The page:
Reaching bursting point

This article details the importance of understanding a PET bottle’s mechanical properties, particularly with the continued developments in Lightweighting, Recycled PET and Barrier Technology. It demonstrates how the data from a standard burst test can be used to explore stress-strain curves, fracture point, elastic & plastic regions, Young’s modulus and intrinsic viscosity to gain a more detailed overview of the finished bottle.

Lightweighting, Recycled PET and
Barrier Technology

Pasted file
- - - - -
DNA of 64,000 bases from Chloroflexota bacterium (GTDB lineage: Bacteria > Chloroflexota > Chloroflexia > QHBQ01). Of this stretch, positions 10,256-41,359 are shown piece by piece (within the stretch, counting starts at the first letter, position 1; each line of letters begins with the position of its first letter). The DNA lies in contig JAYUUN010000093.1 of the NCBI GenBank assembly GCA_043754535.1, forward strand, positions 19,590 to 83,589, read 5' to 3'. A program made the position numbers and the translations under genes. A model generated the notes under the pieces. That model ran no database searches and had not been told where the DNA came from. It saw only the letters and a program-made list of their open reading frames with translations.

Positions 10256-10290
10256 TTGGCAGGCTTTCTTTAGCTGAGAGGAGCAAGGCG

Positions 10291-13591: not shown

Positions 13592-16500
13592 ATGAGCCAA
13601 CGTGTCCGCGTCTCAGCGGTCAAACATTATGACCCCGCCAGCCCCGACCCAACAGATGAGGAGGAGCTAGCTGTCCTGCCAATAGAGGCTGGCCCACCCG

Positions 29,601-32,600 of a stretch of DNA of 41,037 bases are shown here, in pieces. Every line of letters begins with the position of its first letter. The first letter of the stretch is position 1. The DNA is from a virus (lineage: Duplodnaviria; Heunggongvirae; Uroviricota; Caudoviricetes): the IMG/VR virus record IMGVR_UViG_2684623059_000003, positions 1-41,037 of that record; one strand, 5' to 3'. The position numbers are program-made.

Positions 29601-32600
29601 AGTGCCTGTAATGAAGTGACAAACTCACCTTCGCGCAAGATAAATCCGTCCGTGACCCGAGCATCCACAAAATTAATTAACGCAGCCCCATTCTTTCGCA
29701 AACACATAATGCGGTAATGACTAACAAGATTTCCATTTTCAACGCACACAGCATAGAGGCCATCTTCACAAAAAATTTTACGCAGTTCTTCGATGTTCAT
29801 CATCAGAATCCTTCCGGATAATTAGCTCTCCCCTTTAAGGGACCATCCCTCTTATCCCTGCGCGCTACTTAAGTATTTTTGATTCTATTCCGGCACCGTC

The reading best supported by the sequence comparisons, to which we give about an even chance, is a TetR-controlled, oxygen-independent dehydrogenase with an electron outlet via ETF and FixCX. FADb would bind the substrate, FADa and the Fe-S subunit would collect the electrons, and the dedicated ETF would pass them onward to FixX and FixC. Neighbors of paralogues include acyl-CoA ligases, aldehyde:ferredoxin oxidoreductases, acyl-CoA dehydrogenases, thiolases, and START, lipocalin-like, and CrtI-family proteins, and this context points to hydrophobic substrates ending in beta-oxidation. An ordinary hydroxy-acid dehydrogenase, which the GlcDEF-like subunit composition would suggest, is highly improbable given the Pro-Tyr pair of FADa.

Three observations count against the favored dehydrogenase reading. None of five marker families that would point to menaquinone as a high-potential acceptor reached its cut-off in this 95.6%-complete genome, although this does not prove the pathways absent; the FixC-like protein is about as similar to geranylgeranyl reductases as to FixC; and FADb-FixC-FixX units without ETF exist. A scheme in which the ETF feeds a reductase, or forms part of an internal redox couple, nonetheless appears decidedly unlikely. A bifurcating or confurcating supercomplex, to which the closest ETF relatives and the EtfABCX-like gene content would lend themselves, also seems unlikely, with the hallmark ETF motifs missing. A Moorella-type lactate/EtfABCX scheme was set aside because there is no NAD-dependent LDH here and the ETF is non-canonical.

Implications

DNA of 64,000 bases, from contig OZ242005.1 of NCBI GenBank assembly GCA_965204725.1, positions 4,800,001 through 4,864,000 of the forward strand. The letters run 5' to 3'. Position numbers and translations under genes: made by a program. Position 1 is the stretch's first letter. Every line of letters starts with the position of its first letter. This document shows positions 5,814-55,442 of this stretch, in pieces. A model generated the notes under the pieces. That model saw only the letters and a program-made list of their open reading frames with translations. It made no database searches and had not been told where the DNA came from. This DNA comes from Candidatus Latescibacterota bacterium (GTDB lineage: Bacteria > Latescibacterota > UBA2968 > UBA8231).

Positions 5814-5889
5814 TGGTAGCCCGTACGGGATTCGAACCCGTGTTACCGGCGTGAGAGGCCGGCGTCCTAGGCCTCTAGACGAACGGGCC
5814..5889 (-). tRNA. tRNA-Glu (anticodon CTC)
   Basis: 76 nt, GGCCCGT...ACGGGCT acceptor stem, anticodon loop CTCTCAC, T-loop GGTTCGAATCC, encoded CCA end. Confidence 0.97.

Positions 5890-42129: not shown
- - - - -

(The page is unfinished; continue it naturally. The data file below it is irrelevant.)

PET is predominantly used in the manufacture of plastic bottles. It is relatively strong yet flexible with low permeability providing a suitable and cost-effective packaging solution. During production it is important to understand the capabilities and limitations of the finished bottle design to ensure it is fit for purpose, with particular emphasis on the bottle’s mechanical properties. These properties are vital for ensuring the bottle maintains structural integrity during its lifecycle. With the rise in different manufacturing requirements, such as Lightweighting, Recycled PET and Barrier Technology it has never been more important to physically verify the bottle’s performance. Lightweighting is always a key area to save material costs, and due to recent advances in technology and design, there has been a heightened focus in this area. Inevitably as a bottle is lightweighted the wall thickness decreases and its strength is reduced.  In the environmentally conscious society we live in, the use of recycled PET as a sustainable material is encouraged and as such is often used as a copolymer with virgin PET. Barrier technology within PET bottles has been another area of recent intense interest, with the addition of extra material at the injection moulding stage to prevent infrared, UV, oxygen and water ingress/emittance.  Each of the manufacturing techniques detailed can have unknown effects on mechanical performance, with bottle integrity requiring reverification. While tensile and compressive testing can be carried out on preforms and thin PET sheets, these do not replicate the final bottle in its application and ignore any changes or defects that may occur during the blow moulding stage. Burst testing provides a real and physical representation of how the bottle performs under stress and what its limitations are. Furthermore, advanced analysis of the resultant data can provide a more detailed overview of the bottle’s mechanical performance and material properties.